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California Department of Workers' Compensation Suspends Seven Medical Providers for Fraud or Loss of License
By Lonce Lamonte and the Department of Industrial Relations' Newsline - January 11, 2018

The Division of Workers’ Compensation (DWC) last week suspended seven more medical providers from participating in California’s workers’ compensation system, bringing the total number of providers suspended to 166. The providers were suspended for fraud or other criminal actions, or the loss of their license.

DWC Administrative Director George Parisotto issued suspension ordersagainst the following providers:

·         David Wayne Fish, Los Angeles businessperson, was convicted in Los Angeles County Superior Court in 2010 for receiving compensation or inducement for the referral of clients. Fish organized dozens of lawyers and doctors to steer more than 4,000 cases to preferred medical providers in order to run up high bills. Fish was ordered to pay $10,000 in restitution and approximately $390,000 in unpaid taxes.

·         The following providers participated in an illegal prescription mill that generated OxyContin prescriptions that the clinic’s patients did not need and submitted claims to Medicare and Medi-Cal for services that were medically unnecessary, not ordered by a doctor and/or not performed:

o   Perry Tan Nguyen, Huntington Beach pharmacist, was convicted in federal court in 2014 of structuring financial transactions to evade reporting requirements. Nguyen was sentenced to 6 months in federal prison and surrendered his pharmacy license in 2017.

o   David James Garrison, Los Angeles physician assistant, was convicted in federal court in 2014 of conspiracy to distribute controlled substances. Garrison was sentenced to 120 months in federal prison and had his medical license revoked in 2015.

o   Matthew Cho, Irvine pharmacist, was convicted in federal court in 2015 of conspiracy to distribute controlled substances. Cho had his pharmacy license revoked in 2017.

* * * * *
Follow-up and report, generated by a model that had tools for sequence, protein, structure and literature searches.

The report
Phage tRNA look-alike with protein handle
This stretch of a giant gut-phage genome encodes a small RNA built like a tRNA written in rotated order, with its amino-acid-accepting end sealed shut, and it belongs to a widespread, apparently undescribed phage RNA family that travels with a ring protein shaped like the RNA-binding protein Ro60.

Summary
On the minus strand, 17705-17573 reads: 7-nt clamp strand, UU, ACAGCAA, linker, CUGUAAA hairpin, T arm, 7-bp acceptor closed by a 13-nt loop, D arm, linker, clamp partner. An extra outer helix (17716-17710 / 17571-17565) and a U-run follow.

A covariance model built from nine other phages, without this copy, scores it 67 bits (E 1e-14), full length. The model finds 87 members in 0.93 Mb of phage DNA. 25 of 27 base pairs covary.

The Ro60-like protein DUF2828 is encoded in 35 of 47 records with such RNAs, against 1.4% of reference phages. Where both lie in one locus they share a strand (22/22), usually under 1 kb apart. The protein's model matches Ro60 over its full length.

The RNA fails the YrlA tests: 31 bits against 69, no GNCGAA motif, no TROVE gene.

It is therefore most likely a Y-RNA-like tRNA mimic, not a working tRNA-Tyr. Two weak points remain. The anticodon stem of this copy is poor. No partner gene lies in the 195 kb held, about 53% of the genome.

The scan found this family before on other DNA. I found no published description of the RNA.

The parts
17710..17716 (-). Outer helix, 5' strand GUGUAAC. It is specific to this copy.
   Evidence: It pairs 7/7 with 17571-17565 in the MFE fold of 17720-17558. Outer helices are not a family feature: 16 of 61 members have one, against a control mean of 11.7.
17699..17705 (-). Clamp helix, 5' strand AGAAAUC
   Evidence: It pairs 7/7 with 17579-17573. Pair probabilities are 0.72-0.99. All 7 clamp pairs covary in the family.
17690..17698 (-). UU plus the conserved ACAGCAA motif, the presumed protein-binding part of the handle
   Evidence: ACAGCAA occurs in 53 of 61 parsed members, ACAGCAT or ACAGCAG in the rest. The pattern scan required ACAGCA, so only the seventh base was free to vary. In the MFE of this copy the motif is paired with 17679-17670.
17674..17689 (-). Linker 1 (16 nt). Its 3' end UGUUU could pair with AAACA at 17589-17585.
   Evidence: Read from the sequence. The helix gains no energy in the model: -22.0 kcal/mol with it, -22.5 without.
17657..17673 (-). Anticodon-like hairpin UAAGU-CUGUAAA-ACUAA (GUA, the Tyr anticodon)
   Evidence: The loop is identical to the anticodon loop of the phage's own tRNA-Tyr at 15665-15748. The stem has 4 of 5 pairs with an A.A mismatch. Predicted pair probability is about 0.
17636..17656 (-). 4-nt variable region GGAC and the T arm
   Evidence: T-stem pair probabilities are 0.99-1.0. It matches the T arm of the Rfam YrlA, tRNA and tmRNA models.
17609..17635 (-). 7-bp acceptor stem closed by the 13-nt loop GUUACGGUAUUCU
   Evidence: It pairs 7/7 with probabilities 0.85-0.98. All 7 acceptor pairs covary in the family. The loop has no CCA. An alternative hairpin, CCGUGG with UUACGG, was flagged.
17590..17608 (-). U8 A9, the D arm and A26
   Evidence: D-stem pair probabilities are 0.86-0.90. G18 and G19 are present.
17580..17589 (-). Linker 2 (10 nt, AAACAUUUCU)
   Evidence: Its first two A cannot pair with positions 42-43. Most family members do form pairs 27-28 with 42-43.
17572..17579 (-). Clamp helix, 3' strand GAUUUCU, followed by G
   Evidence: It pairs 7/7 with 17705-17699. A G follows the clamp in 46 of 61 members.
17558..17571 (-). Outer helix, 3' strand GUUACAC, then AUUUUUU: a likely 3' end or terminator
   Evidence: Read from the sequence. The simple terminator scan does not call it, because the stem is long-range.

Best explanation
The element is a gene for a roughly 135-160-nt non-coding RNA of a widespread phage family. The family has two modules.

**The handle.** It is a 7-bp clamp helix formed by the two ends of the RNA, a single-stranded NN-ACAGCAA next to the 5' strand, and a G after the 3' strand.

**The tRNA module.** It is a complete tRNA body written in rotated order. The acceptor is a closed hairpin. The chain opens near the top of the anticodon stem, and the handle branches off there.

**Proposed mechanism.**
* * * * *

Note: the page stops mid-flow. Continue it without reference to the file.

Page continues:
·         The following providers were suspended because their licenses were suspended, surrendered or revoked: 

o   Boyao Huang, San Marino physician, was convicted in federal court in 2016 of health care fraud for his involvement in a scheme to defraud Medicare and Medi-Cal by creating fraudulent diagnoses of patients and falsely certifying that they were terminally ill in order to bill for hospice-related services. Huang was ordered to pay more than $1.3 million in restitution and surrendered his medical license in 2016. 

o   Eleanor Mela Santiago, Irvine physician, was convicted in federal court in 2015 of conspiracy to commit health care fraud for her involvement in a prescription mill that generated prescriptions for unneeded OxyContin and submitted claims to Medicare and Medi-Cal for medical services that were unnecessary or were never performed. Santiago was sentenced to 20 months in federal prison and ordered to pay more than $3.7 million in restitution. Santiago surrendered her medical license in 2011.

o   Alvin Mingczech Yee, Irvine physician, was convicted in federal court in 2013 for illegal distribution of controlled substances. Yee was sentenced to 135 months in federal prison and his medical license was revoked in 2016.

AB 1244, which went into effect January 1, 2017, requires DWC’s Administrative Director to suspend any medical provider, physician or practitioner from participating in the workers’ compensation system in cases in which:

  • The provider has been convicted of a felony or misdemeanor involving fraud or abuse of the Medi-Cal or Medicare programs or the workers’ compensation system, fraud or abuse of a patient, or related types of misconduct;
  • The provider has been suspended due to fraud or abuse from the Medicare or Medicaid (including Medi-Cal) programs; or
  • The provider’s license or certificate to provide health care has been surrendered or revoked.

The Department of Industrial Relation’s (DIR’s) fraud prevention effortsare posted online, including frequently updated lists for physicians, practitioners, and providers who have been issued notices of suspension, those who have been suspended pursuant to Labor Code §139.21(a)(1), and information on lien consolidations and the Special Adjudication Unit.

# # #

Lonce Lamonte, journalist,, and the California Department of Industrial Relations, Division of Workers' Compensation; 


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